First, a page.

The liquid is supplied to the towers and the bubble scrubber by pump 102 through the conduit system shown. Pump 102 removes liquid from sump 100 which has level controls 105 installed therein to control the level of liquid. Fresh water makeup 104 is injected through isolation injector 195 to prevent flow of electrical current into the supply lines for fresh water makeup. Similarly, the recycled liquid enters sump 100 through isolation injector 106 to prevent flow of current through the recycle lines.
Sump 100, pump 102 and conduit 103 are maintained at an elevated voltage, usually positive, and must be insulated and isolated from the rest of the system. This is best accomplished by the use of nonconductive materials of construction for those parts which contact the liquid.
In FIG. 2, one spray tower 134 and bubble scrubber 145 are schematically shown. The aerosol containing gases, such as those emitted from a coal-fired power boiler, enter at gas inlet 34 and pass through an aerosol particle charger 36 operated by a high voltage power supply 38 imposing a negative, high voltage direct current upon the electrostatic charger. The particulate matter in the gases receives a strong electrostatic charge from electrodes 76 and the charged gases are then directed into the spray tower 134.
Located above the gas entrance is a liquid spray electrostatic charging means 42 used to impose a high voltage upon liquid droplets formed therein. The power supply 39 provides a high voltage current to the charging means 42. A cleansing liquid enters through pipe 44 and continues on to the spray nozzles 46. Insulated high voltage leads 48 extend into the liquid near the spray nozzles 46. Leads 48 are uncovered at their ends in the pipes 44 near the spray nozzles 46. Through the interior of the charging means 42, clean dry purge air is directed from pipe 80 as a purge to protect the nozzles 46 and the exposed pipe 44 from deposits of substances which may cause arcing, electrical short circuiting, or other malfunction of the droplet charging system.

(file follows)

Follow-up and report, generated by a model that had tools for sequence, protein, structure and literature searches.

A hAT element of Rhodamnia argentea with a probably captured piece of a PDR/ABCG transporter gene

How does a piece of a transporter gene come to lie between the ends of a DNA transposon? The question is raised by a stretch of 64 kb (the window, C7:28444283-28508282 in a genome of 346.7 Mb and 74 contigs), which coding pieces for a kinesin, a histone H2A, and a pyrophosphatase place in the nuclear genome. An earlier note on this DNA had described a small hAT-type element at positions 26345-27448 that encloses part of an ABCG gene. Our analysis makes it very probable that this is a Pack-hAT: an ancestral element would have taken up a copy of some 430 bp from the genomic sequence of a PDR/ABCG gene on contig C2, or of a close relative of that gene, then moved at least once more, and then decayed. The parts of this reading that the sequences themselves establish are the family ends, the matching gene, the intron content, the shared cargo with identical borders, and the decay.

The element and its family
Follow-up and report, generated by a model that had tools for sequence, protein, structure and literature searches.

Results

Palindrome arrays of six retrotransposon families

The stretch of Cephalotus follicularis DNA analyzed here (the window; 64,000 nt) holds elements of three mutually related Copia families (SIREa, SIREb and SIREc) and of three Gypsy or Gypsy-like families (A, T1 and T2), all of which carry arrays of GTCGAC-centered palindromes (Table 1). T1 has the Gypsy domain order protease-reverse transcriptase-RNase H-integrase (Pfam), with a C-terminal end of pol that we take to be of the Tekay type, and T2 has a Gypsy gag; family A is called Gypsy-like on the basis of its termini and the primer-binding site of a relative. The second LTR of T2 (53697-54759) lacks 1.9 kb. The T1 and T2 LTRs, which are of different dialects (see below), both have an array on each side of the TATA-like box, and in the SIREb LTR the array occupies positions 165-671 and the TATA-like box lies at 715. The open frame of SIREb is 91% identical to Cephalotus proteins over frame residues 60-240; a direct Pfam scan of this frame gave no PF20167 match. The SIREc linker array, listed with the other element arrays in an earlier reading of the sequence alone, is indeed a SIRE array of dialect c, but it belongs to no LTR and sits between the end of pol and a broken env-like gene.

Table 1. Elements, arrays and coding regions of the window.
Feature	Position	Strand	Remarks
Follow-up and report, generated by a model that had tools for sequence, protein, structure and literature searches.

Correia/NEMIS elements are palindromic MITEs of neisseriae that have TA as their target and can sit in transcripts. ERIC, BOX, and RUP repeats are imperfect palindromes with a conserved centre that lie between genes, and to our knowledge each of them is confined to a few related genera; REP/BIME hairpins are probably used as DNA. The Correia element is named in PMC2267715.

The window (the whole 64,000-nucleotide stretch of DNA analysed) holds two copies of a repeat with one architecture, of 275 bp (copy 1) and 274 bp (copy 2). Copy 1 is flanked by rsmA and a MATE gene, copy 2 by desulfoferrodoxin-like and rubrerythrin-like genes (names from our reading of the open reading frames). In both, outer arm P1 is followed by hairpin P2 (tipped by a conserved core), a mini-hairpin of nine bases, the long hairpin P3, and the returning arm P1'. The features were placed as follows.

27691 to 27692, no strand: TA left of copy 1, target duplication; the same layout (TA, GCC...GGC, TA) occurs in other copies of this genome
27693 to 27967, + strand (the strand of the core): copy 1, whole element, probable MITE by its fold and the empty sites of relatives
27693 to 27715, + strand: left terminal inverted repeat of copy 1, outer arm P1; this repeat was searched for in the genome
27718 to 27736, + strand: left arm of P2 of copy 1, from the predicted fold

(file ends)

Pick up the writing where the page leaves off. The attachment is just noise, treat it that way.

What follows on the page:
Spray tower 134 is preferably constructed of a material having insulating properties, such as fiberglass reinforced polyester, epoxy resins, ceramics or other suitable material which provides both the insulating properties necessary and the resistance to corrosion to the particular system being employed. By having the tower structure itself constructed of an insulating material, the electrostatically charged droplets and particles tend less to migrate to the walls, and, as a consequence, remain in the area in which the maximum contact between the charged aerosol containing gases and liquid droplets is achieved.
The spray tower 134 is shown equipped with an auxiliary spray means 42a to inject additional electrostatically charged droplets of cleansing liquid through nozzles 46a. Some of the larger droplets injected at spray means 42 and 42a may settle out and be collected at the bottom of tower 134. Liquid is returned to the sump 100 by drain line 136. The remainder of the liquid is carried over into charged droplet bubble scrubber 145 in the form of a fog or tiny droplets of liquid, each having an electrostatic charge thereon. The gases carrying any remaining charged aerosol particles and the liquid droplets noted above pass from tower 134 into scrubber 145 through duct 135. A pair of perforated bubble plates 143 and 143' are positioned horizontally within bubble scrubber 145. Both plates are sized so that gases may flow upwardly through the perforations 144 and 144' therein while liquid flows slowly downwardly through the perforations. A substantial liquid level h and h' is maintained on top of each perforated plate during operations by injection of a flow of liquid through supply pipe 150. Gases flowing upwardly through the perforations form small bubbles in the liquid and as a result are in intimate contact therewith. The liquid is charged to a high voltage by power supply 147 and as a result, the charged particles and droplets are collected in the film forming the bubbles. The gases, cleansed of the particles, pass out through mist eliminator 148 to the atmosphere.